Catalonian pianist Adrian Blanco performs a retrospective concert of the works of the beloved Finnish composer Einojuhani Rautavaara.

Selected works include Sonata No. 1, op. 50: Christus und die Fischer, Fuoco, Narcissus, and Passionale, to name a few.

About Adrian Blanco

Adrian Blanco is an accomplished concert pianist and chamber musician praised for his technical virtuosity and musical understanding. His performances have been described by Spanish newspaper “Ara” as “exquisite” and “honest.”

Since his debut as a soloist at the age of 15 performing W. A. Mozart’s Kv. 466 concert with the Orchestra of Santa Coloma, Blanco has performed in venues and concert halls across Spain, Germany, Finland, and the United States, and has been awarded First Prize in competitions such as the Isaac Albéniz competition.


As a passionate exponent of new music, Mr. Blanco has commissioned and premiered work by composers such as J. Magrané, D. Cantalejo, and Y. Chen. His collaboration with living composers and incorporation of multimedia visuals and theatrical elements in his performances reflects his commitment to the cultural landscape of contemporary art-forms.

Blanco earned a Bachelor of Music with Honors from the Superior School of Music of Catalonia in the class of Pierre Réach and has recently obtained a Masters in Contemporary Performance from the Manhattan School of Music under the mentorship of Margaret Kampmeier, Anthony de Mare, Christopher Oldfather, and Lucy Shelton.

About Einojuhani Rautavaara

Einojuhani Rautavaara was born in Helsinki in 1928 and studied with Merikanto at the Helsinki Academy (1948-52), with Persichetti at the Juilliard School in New York (1955-56), and with Sessions and Copland at Tanglewood (1955). He first came to international attention in 1955 when the neo-classical A Requiem in Our Time for brass and percussion won the Thor Johnson Composer’s Competition in Cincinnati. He studied serialism and soon integrated twelve note techniques, without displacing his essential Romanticism. For instance, Symphony No.3 (1961) may be the first totally serial Finnish work, yet it is also a tribute to the symphonies of Bruckner, complete with Wagner tubas.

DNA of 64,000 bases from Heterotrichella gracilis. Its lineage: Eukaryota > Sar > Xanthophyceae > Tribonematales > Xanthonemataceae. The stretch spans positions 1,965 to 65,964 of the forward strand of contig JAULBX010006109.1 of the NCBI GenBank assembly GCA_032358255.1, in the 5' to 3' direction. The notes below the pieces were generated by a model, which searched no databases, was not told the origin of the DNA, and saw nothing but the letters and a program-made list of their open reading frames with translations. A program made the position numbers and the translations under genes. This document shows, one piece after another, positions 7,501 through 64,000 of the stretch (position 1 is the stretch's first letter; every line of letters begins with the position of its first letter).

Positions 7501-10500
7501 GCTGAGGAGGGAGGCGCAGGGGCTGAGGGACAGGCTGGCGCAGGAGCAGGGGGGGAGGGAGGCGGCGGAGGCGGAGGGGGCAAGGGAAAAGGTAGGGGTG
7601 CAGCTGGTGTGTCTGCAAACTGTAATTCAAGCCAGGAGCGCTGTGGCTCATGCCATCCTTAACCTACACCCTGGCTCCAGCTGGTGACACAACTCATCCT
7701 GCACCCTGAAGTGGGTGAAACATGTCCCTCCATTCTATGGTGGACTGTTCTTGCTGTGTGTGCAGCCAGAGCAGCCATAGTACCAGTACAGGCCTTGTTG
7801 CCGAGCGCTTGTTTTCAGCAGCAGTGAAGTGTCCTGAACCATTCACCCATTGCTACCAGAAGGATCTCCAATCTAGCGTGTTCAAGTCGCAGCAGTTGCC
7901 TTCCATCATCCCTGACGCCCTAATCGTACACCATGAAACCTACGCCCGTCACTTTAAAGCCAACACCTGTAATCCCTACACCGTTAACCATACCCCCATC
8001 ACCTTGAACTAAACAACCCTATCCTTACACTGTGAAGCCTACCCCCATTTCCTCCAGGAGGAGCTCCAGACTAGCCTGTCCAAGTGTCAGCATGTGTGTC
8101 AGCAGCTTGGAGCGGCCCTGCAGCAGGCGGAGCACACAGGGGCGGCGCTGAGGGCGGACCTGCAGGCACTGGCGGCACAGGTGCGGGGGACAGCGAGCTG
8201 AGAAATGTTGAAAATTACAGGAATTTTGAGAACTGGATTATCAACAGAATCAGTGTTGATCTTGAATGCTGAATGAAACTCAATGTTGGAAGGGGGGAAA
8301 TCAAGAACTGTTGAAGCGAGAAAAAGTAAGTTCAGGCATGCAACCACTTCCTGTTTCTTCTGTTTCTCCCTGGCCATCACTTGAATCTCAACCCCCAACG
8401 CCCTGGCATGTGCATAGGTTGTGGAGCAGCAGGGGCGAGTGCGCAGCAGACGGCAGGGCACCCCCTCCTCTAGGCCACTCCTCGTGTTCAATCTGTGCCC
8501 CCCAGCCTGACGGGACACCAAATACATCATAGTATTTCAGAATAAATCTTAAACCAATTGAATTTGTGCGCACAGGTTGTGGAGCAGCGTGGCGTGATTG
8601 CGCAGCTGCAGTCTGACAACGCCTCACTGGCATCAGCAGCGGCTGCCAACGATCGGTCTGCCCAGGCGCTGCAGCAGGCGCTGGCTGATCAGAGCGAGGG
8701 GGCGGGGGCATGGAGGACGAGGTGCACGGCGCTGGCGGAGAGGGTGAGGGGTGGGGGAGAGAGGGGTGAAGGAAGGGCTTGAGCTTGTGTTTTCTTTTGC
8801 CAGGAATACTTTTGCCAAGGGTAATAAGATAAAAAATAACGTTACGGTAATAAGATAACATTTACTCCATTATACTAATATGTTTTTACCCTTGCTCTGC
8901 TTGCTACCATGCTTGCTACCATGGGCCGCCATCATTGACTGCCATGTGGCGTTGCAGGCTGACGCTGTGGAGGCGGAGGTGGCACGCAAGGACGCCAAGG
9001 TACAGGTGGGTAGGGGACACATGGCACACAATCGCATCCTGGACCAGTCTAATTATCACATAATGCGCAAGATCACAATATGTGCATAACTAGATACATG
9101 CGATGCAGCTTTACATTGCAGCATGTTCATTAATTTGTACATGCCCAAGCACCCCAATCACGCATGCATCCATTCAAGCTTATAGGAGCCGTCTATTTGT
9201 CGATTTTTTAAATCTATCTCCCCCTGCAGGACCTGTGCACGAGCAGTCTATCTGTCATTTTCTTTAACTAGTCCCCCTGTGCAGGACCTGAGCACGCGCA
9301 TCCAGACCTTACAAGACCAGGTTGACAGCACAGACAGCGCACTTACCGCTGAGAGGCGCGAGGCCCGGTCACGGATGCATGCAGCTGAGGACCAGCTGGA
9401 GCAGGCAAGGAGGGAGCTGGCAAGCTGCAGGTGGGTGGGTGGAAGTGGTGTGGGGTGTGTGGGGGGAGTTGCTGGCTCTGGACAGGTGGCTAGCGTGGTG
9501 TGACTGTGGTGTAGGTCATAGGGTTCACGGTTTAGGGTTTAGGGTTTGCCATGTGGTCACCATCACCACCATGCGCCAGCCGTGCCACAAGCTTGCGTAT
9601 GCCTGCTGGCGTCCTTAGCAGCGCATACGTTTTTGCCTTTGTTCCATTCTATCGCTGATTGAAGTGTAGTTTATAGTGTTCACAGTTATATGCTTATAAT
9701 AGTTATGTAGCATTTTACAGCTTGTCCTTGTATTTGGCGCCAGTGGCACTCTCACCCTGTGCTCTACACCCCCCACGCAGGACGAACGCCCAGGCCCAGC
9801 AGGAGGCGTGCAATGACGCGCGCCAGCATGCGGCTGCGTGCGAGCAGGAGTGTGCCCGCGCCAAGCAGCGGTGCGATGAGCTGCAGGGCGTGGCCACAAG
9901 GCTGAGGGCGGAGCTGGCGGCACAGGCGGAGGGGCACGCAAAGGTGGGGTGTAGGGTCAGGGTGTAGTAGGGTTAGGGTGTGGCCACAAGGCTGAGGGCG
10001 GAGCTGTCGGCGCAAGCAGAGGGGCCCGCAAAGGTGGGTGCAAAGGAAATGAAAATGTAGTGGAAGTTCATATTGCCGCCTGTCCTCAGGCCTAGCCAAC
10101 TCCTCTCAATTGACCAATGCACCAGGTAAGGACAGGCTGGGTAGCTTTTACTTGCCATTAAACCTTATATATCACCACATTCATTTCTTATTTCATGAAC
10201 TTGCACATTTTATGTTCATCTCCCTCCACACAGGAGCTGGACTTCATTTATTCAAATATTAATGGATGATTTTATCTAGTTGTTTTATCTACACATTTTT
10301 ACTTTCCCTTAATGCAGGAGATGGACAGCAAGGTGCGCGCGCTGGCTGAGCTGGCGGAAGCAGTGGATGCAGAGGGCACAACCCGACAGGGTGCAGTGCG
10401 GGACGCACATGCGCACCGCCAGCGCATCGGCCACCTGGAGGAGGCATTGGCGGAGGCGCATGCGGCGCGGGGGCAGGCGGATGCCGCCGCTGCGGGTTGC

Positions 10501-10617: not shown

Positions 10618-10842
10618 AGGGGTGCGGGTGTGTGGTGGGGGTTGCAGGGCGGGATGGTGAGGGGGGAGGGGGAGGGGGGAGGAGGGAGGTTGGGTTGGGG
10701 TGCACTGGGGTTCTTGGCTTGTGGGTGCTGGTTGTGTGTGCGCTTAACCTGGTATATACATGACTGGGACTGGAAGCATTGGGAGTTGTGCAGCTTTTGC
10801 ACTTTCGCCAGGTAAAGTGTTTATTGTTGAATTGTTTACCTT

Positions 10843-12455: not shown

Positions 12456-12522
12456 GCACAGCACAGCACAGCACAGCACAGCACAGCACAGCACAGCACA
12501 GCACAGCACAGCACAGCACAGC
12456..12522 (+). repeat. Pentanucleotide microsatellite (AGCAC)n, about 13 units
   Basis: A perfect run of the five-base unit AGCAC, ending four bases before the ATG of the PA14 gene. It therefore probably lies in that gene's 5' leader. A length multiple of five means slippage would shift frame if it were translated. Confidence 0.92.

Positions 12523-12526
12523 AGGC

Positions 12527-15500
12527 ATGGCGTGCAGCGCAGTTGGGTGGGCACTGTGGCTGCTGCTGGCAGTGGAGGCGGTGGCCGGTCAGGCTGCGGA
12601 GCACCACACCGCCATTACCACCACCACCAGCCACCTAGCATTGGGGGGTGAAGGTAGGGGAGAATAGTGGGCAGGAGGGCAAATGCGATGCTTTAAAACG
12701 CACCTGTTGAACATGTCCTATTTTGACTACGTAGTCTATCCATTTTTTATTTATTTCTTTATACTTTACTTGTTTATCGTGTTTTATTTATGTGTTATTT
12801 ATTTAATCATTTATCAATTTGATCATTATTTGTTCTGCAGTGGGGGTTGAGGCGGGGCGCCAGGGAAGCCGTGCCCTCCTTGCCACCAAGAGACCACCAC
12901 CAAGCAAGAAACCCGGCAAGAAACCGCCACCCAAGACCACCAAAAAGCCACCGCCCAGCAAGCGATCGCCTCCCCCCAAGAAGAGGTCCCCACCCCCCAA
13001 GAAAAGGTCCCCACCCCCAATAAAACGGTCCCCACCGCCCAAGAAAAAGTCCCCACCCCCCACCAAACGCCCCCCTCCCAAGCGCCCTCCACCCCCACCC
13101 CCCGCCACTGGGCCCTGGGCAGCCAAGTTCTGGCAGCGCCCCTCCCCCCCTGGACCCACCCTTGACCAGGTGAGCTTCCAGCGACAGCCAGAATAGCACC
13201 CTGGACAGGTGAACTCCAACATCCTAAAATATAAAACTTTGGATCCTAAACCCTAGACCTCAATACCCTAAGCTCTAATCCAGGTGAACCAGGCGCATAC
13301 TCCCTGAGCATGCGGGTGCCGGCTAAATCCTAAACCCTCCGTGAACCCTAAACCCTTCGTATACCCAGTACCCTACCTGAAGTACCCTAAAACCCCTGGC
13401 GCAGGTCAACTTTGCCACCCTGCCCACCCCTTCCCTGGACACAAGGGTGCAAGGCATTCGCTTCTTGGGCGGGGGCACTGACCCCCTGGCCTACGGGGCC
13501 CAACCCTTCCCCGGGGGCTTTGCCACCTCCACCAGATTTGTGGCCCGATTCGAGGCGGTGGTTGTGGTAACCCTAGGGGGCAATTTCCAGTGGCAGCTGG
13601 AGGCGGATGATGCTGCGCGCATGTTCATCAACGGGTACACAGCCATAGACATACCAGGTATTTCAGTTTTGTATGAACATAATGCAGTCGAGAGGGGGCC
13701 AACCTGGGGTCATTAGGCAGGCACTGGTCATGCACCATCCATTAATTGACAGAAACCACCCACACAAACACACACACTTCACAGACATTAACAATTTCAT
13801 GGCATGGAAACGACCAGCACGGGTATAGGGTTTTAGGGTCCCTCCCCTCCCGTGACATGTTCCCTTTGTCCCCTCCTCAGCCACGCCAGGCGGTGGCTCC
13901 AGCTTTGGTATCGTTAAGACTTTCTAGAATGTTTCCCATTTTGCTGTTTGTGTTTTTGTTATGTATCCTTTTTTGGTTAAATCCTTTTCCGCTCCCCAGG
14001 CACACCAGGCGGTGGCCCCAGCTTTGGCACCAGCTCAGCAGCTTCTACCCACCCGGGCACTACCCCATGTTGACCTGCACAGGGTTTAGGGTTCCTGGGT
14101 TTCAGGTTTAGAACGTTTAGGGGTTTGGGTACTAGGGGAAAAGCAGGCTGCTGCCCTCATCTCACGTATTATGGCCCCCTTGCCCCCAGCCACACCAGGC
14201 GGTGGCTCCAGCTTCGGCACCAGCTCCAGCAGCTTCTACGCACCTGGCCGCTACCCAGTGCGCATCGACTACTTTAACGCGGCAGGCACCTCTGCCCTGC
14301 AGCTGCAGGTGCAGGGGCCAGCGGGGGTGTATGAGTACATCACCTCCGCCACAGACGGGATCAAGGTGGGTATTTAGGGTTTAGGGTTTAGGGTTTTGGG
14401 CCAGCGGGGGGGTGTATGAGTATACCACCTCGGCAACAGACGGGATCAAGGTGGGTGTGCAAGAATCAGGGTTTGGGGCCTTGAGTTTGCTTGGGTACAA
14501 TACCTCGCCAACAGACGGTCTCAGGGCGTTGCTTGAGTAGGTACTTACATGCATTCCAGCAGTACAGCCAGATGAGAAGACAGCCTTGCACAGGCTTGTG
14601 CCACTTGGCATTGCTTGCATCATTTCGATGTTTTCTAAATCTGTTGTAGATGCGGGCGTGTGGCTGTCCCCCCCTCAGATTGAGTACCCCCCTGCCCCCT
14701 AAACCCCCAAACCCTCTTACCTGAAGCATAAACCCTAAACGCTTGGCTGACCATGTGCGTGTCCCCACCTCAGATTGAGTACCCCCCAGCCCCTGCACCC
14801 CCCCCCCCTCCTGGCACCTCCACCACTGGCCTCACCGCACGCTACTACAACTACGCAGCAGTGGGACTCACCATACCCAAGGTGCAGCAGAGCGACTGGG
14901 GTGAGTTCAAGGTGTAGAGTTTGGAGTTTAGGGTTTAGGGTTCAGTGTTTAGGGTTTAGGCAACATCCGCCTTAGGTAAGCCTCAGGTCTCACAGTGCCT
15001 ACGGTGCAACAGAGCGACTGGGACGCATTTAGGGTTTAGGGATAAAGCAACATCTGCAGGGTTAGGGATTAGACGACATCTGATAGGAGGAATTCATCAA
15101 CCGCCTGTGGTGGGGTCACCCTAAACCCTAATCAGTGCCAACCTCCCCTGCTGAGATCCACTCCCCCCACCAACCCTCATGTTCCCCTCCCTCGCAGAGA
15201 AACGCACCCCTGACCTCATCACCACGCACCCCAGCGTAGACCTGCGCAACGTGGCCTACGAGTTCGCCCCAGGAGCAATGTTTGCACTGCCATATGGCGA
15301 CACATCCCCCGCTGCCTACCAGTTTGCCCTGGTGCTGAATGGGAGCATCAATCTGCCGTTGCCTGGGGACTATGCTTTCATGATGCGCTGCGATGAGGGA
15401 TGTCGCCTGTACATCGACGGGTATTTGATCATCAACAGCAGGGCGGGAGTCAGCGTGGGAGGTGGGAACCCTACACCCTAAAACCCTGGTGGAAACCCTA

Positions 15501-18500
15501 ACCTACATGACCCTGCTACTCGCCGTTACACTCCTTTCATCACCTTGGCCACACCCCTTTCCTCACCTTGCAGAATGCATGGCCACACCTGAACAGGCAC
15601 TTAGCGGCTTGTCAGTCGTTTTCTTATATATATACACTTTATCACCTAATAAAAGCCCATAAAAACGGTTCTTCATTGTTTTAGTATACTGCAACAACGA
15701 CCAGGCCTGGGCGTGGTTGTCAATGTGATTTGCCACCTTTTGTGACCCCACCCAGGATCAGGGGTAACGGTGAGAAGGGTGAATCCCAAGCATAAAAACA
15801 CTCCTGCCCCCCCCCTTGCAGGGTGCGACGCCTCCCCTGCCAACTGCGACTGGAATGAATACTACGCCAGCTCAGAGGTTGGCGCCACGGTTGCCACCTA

In the late 1960s Rautavaara distanced himself from serialism and his mystical character came more to the fore in music of rich colour and sweeping melodic profile, at once accessible and evocative. His operas have often explored issues of creativity and madness, such as Vincent (1986-87), Aleksis Kivi (1995-96) and Rasputin (2001-03), and his symphonies and concerti have increasingly been commissioned by orchestras outside his native Finland, including Symphony No.8 ‘The Journey’ (1999) for the Philadelphia Orchestra, a Harp Concerto (1999-2000) for the Minnesota Orchestra and a Clarinet Concerto (2001-02) for Richard Stoltzman and the National Symphony in Washington.

Works by Rautavaara over the past decade include the orchestral work Tapestry of Life (2007), the concertos Incantations for percussionist Colin Currie (2008), Towards the Horizon for cellist Truls Mork (2008-09), and Summer Thoughts (2008) toured by violinist Midori. His Missa a cappella (2010-11) received first performances in the Netherlands, Australia, the U.K., Sweden, and Germany and Into the heart of light (2011), composed for the Ostrobothnian Chamber Orchestra, was toured by the Scottish Chamber Orchestra in 2012. Balada for choir and orchestra, setting texts by Lorca, was premiered in Madrid in 2015.

Rautavaara’s music has been recorded on the Ondine, Finlandia, and Naxos labels and DVDs have been released of his operas The Gift of the MagiAlexis Kivi, and Rasputin.



Image by Magnus Ragnvid

WED—5-17-2017—7:30 PM, free